I've been pouring over seed catalogs, bought my tickets to the Philadelphia Flower Show and the ladies at church are already planning the garden tour for this coming June. I've ordered seeds and am annoyed they couldn't arrive in time for this long weekend. I long to feel soil on my hands.
I pulled a bag of frozen cherry tomatoes and a cube of frozen pesto preserved in the abundance of last summer and turned them into a fragrant sauce.

A warming bowl of spaghetti and meatballs served with homemade bread slathered in butter - calories will be worked off in the garden this spring.On a weekend like this I need comfort food.
I had wanted to go to Whites Bog on this last day of my three day weekend to see the Tundra Swans there. But my husband had to work today. So I busy myself with household chores while planning my future garden in my head.
Finally I can contain it no longer. I go out through the lightly falling snow to see if anything is growing . I first check my hellebores, andromeda and my winter-blooming jasmine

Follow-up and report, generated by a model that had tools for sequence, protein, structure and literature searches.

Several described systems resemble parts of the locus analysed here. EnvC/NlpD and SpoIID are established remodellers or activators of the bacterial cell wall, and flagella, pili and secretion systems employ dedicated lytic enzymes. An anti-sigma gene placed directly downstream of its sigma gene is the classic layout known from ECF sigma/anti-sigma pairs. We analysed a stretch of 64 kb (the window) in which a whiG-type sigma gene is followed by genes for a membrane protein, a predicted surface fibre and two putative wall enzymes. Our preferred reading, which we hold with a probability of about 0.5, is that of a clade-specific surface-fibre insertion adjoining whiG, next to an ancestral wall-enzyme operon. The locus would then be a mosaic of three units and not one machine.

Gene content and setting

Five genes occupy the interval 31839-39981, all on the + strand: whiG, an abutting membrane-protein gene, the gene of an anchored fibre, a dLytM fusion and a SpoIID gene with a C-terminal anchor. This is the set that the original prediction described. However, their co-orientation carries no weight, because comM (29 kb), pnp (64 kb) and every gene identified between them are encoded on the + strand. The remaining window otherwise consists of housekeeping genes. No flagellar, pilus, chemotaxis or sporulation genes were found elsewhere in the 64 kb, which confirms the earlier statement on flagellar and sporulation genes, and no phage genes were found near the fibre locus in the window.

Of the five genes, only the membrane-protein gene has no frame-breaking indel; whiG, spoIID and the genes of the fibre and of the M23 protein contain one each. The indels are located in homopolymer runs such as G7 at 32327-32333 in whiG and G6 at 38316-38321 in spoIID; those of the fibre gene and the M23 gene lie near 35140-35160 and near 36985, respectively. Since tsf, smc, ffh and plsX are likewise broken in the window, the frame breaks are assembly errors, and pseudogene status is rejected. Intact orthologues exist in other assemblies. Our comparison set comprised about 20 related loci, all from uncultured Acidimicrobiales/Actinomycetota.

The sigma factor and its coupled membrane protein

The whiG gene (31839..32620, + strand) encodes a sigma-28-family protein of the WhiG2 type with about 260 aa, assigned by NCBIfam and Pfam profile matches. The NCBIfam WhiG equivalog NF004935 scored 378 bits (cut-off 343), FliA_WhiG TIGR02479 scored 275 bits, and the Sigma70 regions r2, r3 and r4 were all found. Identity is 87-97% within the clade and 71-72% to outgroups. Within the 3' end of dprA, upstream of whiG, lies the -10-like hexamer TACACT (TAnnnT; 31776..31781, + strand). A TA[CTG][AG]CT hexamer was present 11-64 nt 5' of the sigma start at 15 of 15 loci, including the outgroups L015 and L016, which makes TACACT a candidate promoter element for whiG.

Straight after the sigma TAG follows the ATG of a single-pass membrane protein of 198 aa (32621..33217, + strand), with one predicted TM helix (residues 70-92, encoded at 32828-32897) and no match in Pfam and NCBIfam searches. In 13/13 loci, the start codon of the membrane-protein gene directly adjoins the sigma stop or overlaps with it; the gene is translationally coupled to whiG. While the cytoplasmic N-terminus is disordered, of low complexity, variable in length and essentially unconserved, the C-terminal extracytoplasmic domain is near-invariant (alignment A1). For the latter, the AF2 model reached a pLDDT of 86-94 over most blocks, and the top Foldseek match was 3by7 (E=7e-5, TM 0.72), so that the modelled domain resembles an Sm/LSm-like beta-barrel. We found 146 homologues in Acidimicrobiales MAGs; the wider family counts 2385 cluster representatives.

The hellbores have lots of buds!
The buds on the andromeda are almost flower like.
The winter-blooming jasmine is almost there - hopefully I'll see the blooms before the deer chomp them all away. This plant is supposed to be deer resistant. It is not.

My potager is in a state of deconstruction. It will be beautiful again, but it is particularly harsh looking on such a cold, gray day.

Yet, the saffron crocuses look great. Growing cheery green all winter before going to sleep in the spring. Silly off season plants.
That reminds me that I wanted to make a saffron based dish for dinner tonight and I mentally prepare a grocery list of the items I will need.
There are still two herbs that can be harvested: sage and thyme. The sage, while harvest-able, looks likes it's struggling and I will use the sage I dried last summer instead.
But the thyme is always a joy - I just brush away the pine needles and any snow covering it  and it is always there for me to grab some fresh for a meal. I have heard it is easy to dry, but I haven't tried yet. Another mental note for the summer. Try to dry thyme.
The snow is falling in little frozen balls, looking nothing like snowflakes.
It stings my face, and yet I stay. Dreaming of rows of lettuce and peas, green beans and basil and the amazing fresh taste of a cherry tomato right off the vine. Eventually the cold wins and I retreat to the warmth of my home with only a small branch of thyme in my hand.
"Winter is the time for comfort, for good food and warmth, for the touch of a friendly hand and for a talk beside the fire:  it is the time for home." 
-  Edith Sitwell